Here's cat hair, dog hair, and horse hair. There's my hair and your hair. But did you ever hear of geranium hair?
Long hairs and short hairs. Wet hairs and dry. The plant world has lots of hair.
Plants use hair for some of the same reasons animals do: to keep them warm, cool, or protected. Plants also use hair to collect food or distribute seeds. Insect-eating pitcher plants even have down-turned hairs to keep insects from escaping.
The thick, wooly white hair of the lamb's-ears plant keeps it cool and makes it hard for aphids (small, plant-juice sucking insects) to attack the plant. White-colored hairs or spines on cactuses reflect sunlight and help keep the plant cool. The tip of the hair of the sundew plant has sticky-liquid-producing glands, which help to catch the plant's insect lunch.
There are other, modified hairs that don't look like hair at all. Open an orange or grapefruit by peeling it. Remove one of the sections of the fruit and gently take away the membrane. Look carefully at each cell of juice. You are looking at a modified hair. It is made to hold the liquid we like to drink. If that fruit had fallen to the ground and begun to decompose, the juice would have helped the seed to germinate and grow.
Aphids are just one type of insect that likes to eat plants. Some plant hairs have tiny hooks that catch the invaders. Sometimes the hair makes it hard for the insects to feed on the leaves. In other cases, dense hair makes it hard for the insects to move around on the plant or get into position to lay their eggs.
Stiff hairs (spines) are hard and sharp and defend the plant against animal grazers. Most animals prefer their meals without stickers. Spines also help screen the plant against too much sun. This helps keep the plant from drying out or being burned by the sun. The spines on a cactus are modified leaves, while the pads are modified stems. Some of those modified leaves look very hairlike indeed. They may be soft, flexible, and often white to reflect the sun.
Finally, there are plants living near or in salt water. Some live near the sea; some live in tidal waters. Sea spray and tidal water carry a lot of salt. The plants living in these conditions need a way to intercept and eliminate salt. Plant hair protects some plants against toxic amounts of salt.
Plant hair for human use
One of the most important plant hairs for human use is that of the cotton plant. Long white fibers grow on the seeds. When spun into threads and then into cloth, they form many of the clothes we wear, sheets and pillow cases we sleep on, and towels we take to the bath and beach.
Another hair that grows on seeds is that of the silk-cotton tree, also known as the Kapok tree. The hair of the Kapok tree is used for mattresses, flotation devices, and as insulation.
Hair is found on stems, leaves, flowers, fruit, and roots. Take a good look around you and see how many kinds of hair you can find on plants or their fruit. Some of them will be easy to spot. To see others you will need a magnifying glass. Some have to be seen under a microscope.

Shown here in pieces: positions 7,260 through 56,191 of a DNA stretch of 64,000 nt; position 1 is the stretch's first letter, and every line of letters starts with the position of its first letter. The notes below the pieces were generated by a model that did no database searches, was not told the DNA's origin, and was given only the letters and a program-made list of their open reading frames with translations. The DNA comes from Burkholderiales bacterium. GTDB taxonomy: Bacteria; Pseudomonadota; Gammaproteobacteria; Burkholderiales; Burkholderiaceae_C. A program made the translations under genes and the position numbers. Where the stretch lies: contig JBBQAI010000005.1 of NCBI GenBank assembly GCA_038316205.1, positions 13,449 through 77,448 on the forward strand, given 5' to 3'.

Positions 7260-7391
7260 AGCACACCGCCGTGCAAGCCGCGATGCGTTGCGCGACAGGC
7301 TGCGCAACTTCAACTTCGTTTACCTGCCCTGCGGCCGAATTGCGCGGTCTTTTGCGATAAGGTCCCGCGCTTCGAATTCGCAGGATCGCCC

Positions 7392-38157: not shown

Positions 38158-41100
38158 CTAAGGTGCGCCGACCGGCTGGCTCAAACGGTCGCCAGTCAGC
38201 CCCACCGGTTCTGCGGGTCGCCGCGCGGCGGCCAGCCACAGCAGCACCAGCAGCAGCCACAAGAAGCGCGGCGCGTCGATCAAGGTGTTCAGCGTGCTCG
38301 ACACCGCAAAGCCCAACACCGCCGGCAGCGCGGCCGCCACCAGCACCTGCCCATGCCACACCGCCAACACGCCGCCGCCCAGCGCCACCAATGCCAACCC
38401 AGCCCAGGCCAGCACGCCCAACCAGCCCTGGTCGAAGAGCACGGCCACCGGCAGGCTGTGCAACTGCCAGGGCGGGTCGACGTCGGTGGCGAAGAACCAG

THE HUNT FOR PLANT HAIR STARTS HERE
*You may need a magnifying glass to find some of these items*
Leaves of magnolia or sycamore trees. (Check the undersides of the leaves.)
Leaves and stems of tomato, potato, petunia, or lamb's- ears plants.
Sundew plants or pitcher plants.
The inside of a citrus fruit. (See above photo, right.)
The stem of a raspberry cane, hollyhock, sunflower, or the outside skin of a kiwi fruit. (See photo, left.)
Hairs on seeds of dandelion, coltsfoot, and thistle look like parachutes. What do they do?
Pods of the wisteria are like velvet. What purpose might this thick hair serve?
If you have a cactus, does it have large spines or short hair-like spines in bunches? Is there a whorl of hairs protecting the tender top? What color are they?
Open a well-developed (but still green) milkweed pod. Notice how the seeds are positioned. The silky hairs are lined up, ready to expand and carry the seeds away.
A HAIRY LIST
* Here are some words used to describe plant parts that look hairlike.
Awn (rhymes with yawn) -- noun; slender bristlelike fiber or fibers, as on the head of barley, oats, or wheat; also known as a grain's "beard."
Bristle -- noun; a stiff, prickly hair. Example: the hairs on the stalks of raspberry or blackberry canes.
Cilium (SIL-ee-um) -- noun; very fine hair-like filaments that extend from certain plant cells, as on the edges of some leaves.
Felt -- noun; a very thick covering of hairs or fibers.
Fiber -- noun; a threadlike structure. Example: the white fibers attached to cotton seeds that are spun into cotton thread.
Glochidia (glo-KID-ee-uh) -- noun; barbed hairs or bristles, as on certain cactuses.
Pectinate (PECK-tuh-nayt) -- adj.; having toothlike projections like those on a comb.
Radiating -- adj.; spread outward. Some cactuses have radiating glochidia (spines).
Recurved -- adj.; curved back upon itself. Example: the thorn of a rose.
Spine -- noun; in cactuses, larger than a bristle; thought to be a modified leaf. May be erect, stiff, and woody, or flexible and hairlike.
Trichome (TRY-cohm) -- noun; a hairlike structure growing on the epidermis (skin) of a plant. Examples: peach fuzz, the skin of a kiwi fruit.